Greek Yogurt a success overseas

As Greek yogurt is becoming ever more popular in the States, with major US companies deciding to get involved in the industry, Greece’s leading yogurt maker FAGE is increasing its storage capacity across the Atlantic.
A recent Wall Street Journal report suggested that Pepsico is about to announce the creation of a consortium with German dairy firm Theo Muller for their joint entry in to the US yogurt market, heeding the growing popularity of the Greek product in the country.
Now FAGE’s subsidiary in the States, Fage USA Corp. that was founded in 2005 is responding to the increasing demand by expanding the storage capacity of its factory, that started operating in 2008 just outside New York.
By January 2012 its storage capacity will have grown from 4,000 to 10,000 pallets, thereby dwarfing the capacity of the factories FAGE operates in Greece (5,000 pallets).
FAGE’s investment in the US is estimated at about $160 million to date. It started exporting yogurt to the States in 1998.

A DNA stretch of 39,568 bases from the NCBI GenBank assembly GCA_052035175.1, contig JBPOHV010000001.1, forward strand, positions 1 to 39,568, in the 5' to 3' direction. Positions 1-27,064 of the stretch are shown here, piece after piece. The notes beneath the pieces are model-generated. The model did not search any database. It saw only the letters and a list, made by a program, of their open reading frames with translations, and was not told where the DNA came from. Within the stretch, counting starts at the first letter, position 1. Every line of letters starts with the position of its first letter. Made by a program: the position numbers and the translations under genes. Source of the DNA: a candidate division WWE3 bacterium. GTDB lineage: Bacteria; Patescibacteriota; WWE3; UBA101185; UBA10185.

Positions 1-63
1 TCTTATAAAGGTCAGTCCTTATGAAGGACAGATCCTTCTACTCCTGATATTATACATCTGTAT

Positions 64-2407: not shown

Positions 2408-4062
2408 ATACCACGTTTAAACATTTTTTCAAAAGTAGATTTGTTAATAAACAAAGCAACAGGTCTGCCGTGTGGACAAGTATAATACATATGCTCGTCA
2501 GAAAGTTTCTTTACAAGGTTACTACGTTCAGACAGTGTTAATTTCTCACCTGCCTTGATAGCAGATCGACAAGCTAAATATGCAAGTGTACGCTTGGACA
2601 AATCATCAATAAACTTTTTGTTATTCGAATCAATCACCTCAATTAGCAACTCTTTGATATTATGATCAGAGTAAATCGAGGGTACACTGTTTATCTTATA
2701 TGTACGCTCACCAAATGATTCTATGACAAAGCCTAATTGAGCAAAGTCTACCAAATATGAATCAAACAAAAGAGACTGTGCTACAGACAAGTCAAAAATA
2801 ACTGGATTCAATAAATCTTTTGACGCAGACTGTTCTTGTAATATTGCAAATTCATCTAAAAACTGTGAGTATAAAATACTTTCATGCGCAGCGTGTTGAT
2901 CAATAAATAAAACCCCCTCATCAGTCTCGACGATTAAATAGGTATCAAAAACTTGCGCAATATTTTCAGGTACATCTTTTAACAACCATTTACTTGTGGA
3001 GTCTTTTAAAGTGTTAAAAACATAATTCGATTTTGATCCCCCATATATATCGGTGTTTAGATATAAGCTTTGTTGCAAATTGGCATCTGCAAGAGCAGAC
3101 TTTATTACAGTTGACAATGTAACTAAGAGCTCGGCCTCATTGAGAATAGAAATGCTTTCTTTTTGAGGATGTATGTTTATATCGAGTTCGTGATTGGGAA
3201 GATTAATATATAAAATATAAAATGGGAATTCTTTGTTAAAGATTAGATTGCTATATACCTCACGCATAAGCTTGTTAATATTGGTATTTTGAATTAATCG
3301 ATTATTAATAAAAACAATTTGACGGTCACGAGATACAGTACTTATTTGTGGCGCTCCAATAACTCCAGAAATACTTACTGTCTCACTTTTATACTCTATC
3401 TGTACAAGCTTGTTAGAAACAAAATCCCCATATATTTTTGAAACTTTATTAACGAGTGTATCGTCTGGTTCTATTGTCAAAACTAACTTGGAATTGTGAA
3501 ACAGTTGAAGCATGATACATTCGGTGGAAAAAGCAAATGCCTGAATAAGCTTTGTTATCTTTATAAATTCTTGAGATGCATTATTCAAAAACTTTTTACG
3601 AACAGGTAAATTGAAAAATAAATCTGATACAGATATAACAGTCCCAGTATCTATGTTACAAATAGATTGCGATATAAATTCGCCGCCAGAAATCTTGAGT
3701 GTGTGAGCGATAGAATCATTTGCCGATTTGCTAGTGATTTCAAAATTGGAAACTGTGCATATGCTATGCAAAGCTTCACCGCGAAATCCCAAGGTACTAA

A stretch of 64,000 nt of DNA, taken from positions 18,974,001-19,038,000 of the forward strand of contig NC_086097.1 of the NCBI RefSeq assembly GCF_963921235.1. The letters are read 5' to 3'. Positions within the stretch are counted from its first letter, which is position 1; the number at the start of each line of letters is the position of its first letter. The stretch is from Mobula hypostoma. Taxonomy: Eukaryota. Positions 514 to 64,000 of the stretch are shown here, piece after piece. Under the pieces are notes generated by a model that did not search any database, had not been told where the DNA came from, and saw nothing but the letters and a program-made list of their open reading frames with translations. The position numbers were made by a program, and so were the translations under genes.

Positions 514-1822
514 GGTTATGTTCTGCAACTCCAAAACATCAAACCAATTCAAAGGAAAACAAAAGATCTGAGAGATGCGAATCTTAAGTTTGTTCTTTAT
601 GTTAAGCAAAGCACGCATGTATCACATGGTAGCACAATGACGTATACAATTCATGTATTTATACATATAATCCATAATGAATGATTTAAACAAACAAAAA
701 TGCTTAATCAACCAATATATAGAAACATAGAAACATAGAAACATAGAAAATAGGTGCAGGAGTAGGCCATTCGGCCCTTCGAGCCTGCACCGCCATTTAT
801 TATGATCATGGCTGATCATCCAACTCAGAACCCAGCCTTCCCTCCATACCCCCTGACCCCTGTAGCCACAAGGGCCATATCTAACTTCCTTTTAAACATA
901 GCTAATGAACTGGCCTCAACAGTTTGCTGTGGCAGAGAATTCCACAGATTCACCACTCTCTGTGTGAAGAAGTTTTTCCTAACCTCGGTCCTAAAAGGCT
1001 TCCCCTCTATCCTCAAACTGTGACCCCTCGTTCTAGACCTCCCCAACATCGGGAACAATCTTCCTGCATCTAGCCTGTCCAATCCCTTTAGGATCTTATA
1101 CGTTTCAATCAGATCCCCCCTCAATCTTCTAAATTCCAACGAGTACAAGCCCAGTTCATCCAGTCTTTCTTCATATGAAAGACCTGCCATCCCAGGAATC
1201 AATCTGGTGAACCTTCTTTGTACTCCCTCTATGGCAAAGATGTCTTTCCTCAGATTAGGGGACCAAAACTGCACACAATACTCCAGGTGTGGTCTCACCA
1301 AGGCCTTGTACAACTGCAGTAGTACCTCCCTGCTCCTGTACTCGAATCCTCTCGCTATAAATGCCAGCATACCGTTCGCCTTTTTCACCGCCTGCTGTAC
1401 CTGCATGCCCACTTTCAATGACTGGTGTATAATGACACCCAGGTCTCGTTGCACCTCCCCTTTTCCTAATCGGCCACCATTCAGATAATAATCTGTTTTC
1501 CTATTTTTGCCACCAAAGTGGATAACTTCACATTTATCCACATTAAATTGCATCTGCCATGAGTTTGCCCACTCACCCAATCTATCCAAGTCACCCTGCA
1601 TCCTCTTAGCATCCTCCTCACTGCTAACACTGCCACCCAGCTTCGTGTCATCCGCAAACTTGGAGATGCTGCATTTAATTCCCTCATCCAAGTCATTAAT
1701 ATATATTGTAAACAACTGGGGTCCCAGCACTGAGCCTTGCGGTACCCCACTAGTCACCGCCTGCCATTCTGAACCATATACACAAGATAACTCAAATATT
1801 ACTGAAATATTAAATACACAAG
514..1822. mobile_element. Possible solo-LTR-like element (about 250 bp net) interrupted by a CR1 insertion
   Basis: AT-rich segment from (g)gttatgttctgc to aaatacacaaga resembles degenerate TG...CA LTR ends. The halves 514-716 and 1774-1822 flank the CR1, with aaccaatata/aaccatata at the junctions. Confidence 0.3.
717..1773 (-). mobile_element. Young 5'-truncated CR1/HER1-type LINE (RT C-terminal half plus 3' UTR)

Such has been the success of Greek yogurt in the US that Kraft Foods, which had completely left the yogurt market in 2004, recently returned to it using a Greek-sounding name for its product: “Athenos”.

Greek yogurt is much thicker than regular yogurt because a lot of the liquid whey is strained out. It doesn’t need the pectin or other thickeners found in many yogurts. Greek yogurt is higher in protein than regular yogurt, with 8 ounces of the nonfat version supplying about 20 grams of protein – nearly double the protein – content of traditional yogurt. It’s also lower in carbohydrates, which means even less lactose for lactose-intolerant people.
Do note, however that Greek yogurt is substantially lower in calcium than regular varieties (about 150 milligrams (mg) of calcium per 8 ounces versus the 300 to 450 mg in plain regular yogurt). Some brands may contain more, so be sure to check the Nutrition Facts label.
One more caution: fat and calories are also more concentrated – particularly in full-fat varieties. Eight ounces of nonfat Greek yogurt contain about 125 calories (similar to regular nonfat plain yogurt), but the same portion of the whole milk version contains about 300 calories and more than 20 grams of fat. Fortunately, the characteristic thick creaminess of Greek yogurt is present even in the nonfat form. While Greek yogurt is traditionally unsweetened, some flavored versions are now appearing in the U.S.”